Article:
Objection 1. It would seem that love is not the cause of fear. For that which leads to a thing is its cause. But "fear leads to the love of charity" as Augustine says on the canonical epistle of John (Tract. ix). Therefore fear is the cause of love, and not conversely.
Objection 2. Further, the Philosopher says (Rhet. ii, 5) that "those are feared most from whom we dread the advent of some evil." But the dread of evil being caused by someone, makes us hate rather than love him. Therefore fear is caused by hate rather than by love.
Objection 3. Further, it has been stated above (Question 42, Article 3) that those things which occur by our own doing are not fearful. But that which we do from love, is done from our inmost heart. Therefore fear is not caused by love.
On the contrary, Augustine says (QQ. 83, qu. 33): "There can be no doubt that there is no cause for fear save the loss of what we love, when we possess it, or the failure to obtain what we hope for." Therefore all fear is caused by our loving something: and consequently love is the cause of fear.
I answer that, The objects of the soul's passions stand in relation thereto as the forms to things natural or artificial: because the passions of the soul take their species from their objects, as the aforesaid things do from their forms. Therefore, just as whatever is a cause of the form, is a cause of the thing constituted by that form, so whatever is a cause, in any way whatever, of the object, is a cause of the passion. Now a thing may be a cause of the object, either by way of efficient cause, or by way of material disposition. Thus the object of pleasure is good apprehended as suitable and conjoined: and its efficient cause is that which causes the conjunction, or the suitableness, or goodness, or apprehension of that good thing; while its cause by way of material disposition, is a habit or any sort of disposition by reason of which this conjoined good becomes suitable or is apprehended as such.
Accordingly, as to the matter in question, the object of fear is something reckoned as an evil to come, near at hand and difficult to avoid. Therefore that which can inflict such an evil, is the efficient cause of the object of fear, and, consequently, of fear itself. While that which renders a man so disposed that thing is such an evil to him, is a cause of fear and of its object, by way of material disposition. And thus it is that love causes fear: since it is through his loving a certain good, that whatever deprives a man of that good is an evil to him, and that consequently he fears it as an evil.
Reply to Objection 1. As stated above (Question 42, Article 1), fear, of itself and in the first place, regards the evil from which it recoils as being contrary to some loved good: and thus fear, of itself, is born of love. But, in the second place, it regards the cause from which that evil ensues: so that sometimes, accidentally, fear gives rise to love; in so far as, for instance, through fear of God's punishments, man keeps His commandments, and thus begins to hope, while hope leads to love, as stated above (Question 40, Article 7).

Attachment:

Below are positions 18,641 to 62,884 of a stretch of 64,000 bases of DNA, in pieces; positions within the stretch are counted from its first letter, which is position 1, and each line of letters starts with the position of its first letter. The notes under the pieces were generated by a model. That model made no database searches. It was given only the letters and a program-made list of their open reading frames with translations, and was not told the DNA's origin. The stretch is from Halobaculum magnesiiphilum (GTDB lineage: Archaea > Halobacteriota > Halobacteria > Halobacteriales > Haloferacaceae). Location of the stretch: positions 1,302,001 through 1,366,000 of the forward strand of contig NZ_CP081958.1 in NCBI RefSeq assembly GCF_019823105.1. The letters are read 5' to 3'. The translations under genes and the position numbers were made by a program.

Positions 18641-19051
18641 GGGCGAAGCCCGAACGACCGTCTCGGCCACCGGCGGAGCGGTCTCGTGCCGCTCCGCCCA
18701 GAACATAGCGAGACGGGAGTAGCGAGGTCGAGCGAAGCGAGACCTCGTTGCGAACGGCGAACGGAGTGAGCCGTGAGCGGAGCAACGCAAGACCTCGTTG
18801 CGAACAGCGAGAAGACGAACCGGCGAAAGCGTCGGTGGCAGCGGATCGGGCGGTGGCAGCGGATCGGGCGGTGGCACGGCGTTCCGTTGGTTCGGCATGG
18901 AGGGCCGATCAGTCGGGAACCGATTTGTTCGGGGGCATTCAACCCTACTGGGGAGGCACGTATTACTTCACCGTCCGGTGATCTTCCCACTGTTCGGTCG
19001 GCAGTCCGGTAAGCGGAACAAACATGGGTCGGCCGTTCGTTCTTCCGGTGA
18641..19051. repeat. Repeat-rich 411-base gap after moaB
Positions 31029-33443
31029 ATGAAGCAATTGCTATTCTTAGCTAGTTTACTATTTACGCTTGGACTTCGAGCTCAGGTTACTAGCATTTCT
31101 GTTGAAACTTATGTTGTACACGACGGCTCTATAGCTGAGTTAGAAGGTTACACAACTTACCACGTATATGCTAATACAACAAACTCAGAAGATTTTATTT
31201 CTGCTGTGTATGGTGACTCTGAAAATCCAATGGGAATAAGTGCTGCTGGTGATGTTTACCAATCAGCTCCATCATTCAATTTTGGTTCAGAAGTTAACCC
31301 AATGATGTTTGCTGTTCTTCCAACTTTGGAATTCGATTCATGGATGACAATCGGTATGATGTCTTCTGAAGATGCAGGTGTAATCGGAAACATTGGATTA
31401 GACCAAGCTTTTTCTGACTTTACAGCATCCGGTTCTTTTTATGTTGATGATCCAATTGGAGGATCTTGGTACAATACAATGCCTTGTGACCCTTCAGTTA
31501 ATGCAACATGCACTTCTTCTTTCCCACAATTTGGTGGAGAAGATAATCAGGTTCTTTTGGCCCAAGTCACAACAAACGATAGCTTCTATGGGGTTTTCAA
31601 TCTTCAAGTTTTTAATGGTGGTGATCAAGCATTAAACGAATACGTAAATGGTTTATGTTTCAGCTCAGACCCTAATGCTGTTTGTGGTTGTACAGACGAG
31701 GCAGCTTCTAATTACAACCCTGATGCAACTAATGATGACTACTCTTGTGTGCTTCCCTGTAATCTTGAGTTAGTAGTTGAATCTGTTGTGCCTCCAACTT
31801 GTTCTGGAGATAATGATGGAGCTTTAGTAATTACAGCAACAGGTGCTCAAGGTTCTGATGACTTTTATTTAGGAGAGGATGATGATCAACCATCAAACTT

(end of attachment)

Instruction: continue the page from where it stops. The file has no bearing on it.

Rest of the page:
Reply to Objection 2. He, from whom evil is expected, is indeed hated at first; but afterwards, when once we begin to hope for good from him, we begin to love him. But the good, the contrary evil of which is feared, was loved from the beginning.
Objection 2. Further, the defect of those who are already being executed is extreme. But such like do not fear as stated in Rhet. ii, 5. Therefore defect is not a cause of fear.
Objection 3. Further, contests arise from strength not from defect. But "those who contend fear those who contend with them" (Rhet. ii, 5). Therefore defect is not a cause of fear.
I answer that, As stated above (Article 1), fear may be set down to a twofold cause: one is by way of a material disposition, on the part of him that fears; the other is by way of efficient cause, on the part of the person feared. As to the first then, some defect is, of itself, the cause of fear: for it is owing to some lack of power that one is unable easily to repulse a threatening evil. And yet, in order to cause fear, this defect must be according to a measure. For the defect which causes fear of a future evil, is less than the defect caused by evil present, which is the object of sorrow. And still greater would be the defect, if perception of the evil, or love of the good whose contrary is feared, were entirely absent.
But as to the second, power and strength are, of themselves, the cause of fear: because it is owing to the fact that the cause apprehended as harmful is powerful, that its effect cannot be repulsed. It may happen, however, in this respect, that some defect causes fear accidentally, in so far as owing to some defect someone wishes to hurt another; for instance, by reason of injustice, either because that other has already done him a harm, or because he fears to be harmed by him.
Reply to Objection 2. Those who are already being executed, are actually suffering from a present evil; wherefore their defect exceeds the measure of fear.
Reply to Objection 3. Those who contend with one another are afraid, not on account of the power which enables them to contend: but on account of the lack of power, owing to which they are not confident of victory.
The Summa Theologica of St. Thomas Aquinas
Second and Revised Edition, 1920
Literally translated by Fathers of the English Dominican Province
Online Edition Copyright © 2008 by Kevin Knight
Nihil Obstat. F. Innocentius Apap, O.P., S.T.M., Censor. Theol.
Imprimatur. Edus. Canonicus Surmont, Vicarius Generalis. Westmonasterii.
Nihil Obstat. F. Raphael Moss, O.P., S.T.L. and F. Leo Moore, O.P., S.T.L.
Imprimatur. F. Beda Jarrett, O.P., S.T.L., A.M., Prior Provincialis Angliæ
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